If you are a white person who has on occasion felt aggrieved at the persistence of allegations of white racism in America, do yourself and your conscience a favor and read Ta-Nehisi’s Coates’ guest column today in the New York Times.
His point of departure is the humiliating frisking of the very famous and distinguished actor Forest Whitaker by an employee of a deli in Coates’ own Manhattan neighborhood. But he uses this incident to make the very important point that if we disclaim the possibility of racist behavior on the part of “good” or “moral” people, we may well wind up excusing racism almost altogether.
The idea that racism lives in the heart of particularly evil individuals, as opposed to the heart of a democratic society, is reinforcing to anyone who might, from time to time, find their tongue sprinting ahead of their discretion. We can forgive Whitaker’s assailant. Much harder to forgive is all that makes Whitaker stand out in the first place. New York is a city, like most in America, that bears the scars of redlining, blockbusting and urban renewal. The ghost of those policies haunts us in a wealth gap between blacks and whites that has actually gotten worse over the past 20 years.
But much worse, it haunts black people with a kind of invisible violence that is given tell only when the victim happens to be an Oscar winner. The promise of America is that those who play by the rules, who observe the norms of the “middle class,” will be treated as such. But this injunction is only half-enforced when it comes to black people, in large part because we were never meant to be part of the American story. Forest Whitaker fits that bill, and he was addressed as such.
I am trying to imagine a white president forced to show his papers at a national news conference, and coming up blank. I am trying to a imagine a prominent white Harvard professor arrested for breaking into his own home, and coming up with nothing. I am trying to see Sean Penn or Nicolas Cage being frisked at an upscale deli, and I find myself laughing in the dark. It is worth considering the messaging here. It says to black kids: “Don’t leave home. They don’t want you around.” It is messaging propagated by moral people.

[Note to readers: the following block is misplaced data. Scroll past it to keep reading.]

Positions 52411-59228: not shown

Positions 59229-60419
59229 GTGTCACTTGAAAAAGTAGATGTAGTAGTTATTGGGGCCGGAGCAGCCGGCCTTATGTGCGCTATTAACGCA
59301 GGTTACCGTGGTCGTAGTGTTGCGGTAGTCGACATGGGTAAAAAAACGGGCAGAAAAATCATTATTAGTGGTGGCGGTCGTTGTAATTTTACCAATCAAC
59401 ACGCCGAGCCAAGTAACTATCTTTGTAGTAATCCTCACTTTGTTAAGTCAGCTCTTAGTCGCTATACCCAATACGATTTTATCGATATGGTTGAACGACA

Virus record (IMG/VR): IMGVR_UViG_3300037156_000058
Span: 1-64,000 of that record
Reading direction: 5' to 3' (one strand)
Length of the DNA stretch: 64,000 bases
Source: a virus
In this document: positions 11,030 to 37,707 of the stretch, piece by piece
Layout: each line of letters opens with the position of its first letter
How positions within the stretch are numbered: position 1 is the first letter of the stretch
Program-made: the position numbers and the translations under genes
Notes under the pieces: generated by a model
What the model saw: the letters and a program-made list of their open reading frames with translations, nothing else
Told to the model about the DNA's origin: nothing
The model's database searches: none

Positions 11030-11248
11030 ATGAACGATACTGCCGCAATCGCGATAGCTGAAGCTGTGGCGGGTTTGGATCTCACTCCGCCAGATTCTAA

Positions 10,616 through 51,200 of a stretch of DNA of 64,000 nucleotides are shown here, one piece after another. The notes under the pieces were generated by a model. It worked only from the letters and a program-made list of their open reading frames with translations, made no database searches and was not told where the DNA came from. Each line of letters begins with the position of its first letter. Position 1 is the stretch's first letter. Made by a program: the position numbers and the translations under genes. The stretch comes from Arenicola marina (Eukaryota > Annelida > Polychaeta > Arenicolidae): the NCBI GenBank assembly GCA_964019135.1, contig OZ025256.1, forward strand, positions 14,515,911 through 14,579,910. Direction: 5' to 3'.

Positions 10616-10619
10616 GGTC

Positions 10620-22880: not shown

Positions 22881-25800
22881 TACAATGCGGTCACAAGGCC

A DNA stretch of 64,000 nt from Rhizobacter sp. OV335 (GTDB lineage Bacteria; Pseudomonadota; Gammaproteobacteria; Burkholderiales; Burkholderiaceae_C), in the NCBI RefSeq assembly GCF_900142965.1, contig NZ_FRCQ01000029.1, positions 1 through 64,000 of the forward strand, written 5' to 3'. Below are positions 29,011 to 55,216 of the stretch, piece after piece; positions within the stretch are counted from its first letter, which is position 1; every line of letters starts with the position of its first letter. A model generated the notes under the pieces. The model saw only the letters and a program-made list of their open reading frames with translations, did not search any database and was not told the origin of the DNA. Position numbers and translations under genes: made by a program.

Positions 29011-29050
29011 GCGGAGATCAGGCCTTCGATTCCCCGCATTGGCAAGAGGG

The thing is, this has always been more or less true. My extended family (thought not, mercifully, my nuclear family) when I was growing up in the Jim Crow South was loaded with racists. None of them were members of the Ku Klux Klan, perpetrators of violence, or “bad people” by any general measure. Most of them were very regular church-goers. One of the sweetest people I ever knew was a great aunt who after MLK’s assassination allowed as how she wished she could take in the assassin and feed him and protect him for his great act in defending Christian civilization. That wouldn’t have been surprising to Dr. King himself, whose classic Letter From a Birmingham Jail was addressed to the good Christian clergy of that city who by their silence and calls for an unjust “peace” were defending segregation more effectively than the hooded riffraff of the Klan.
Now that racism is no longer respectable, it’s tempting to reason conversely and suggest respectable people can’t be racists. But to do that is to reason racism virtually out of existence. Most of the world’s religious and moral traditions try to remind us that while good works are always to be valued, there is something in the human soul that makes good people prone to doing bad things. That did not stop being the case when racism was deemed “bad” by national consensus in this country, and those of us who will never suffer a single indignity for the color of our skin should remember that before turning all human experience on its head and claiming we are the victims of racism if our own good will is challenged.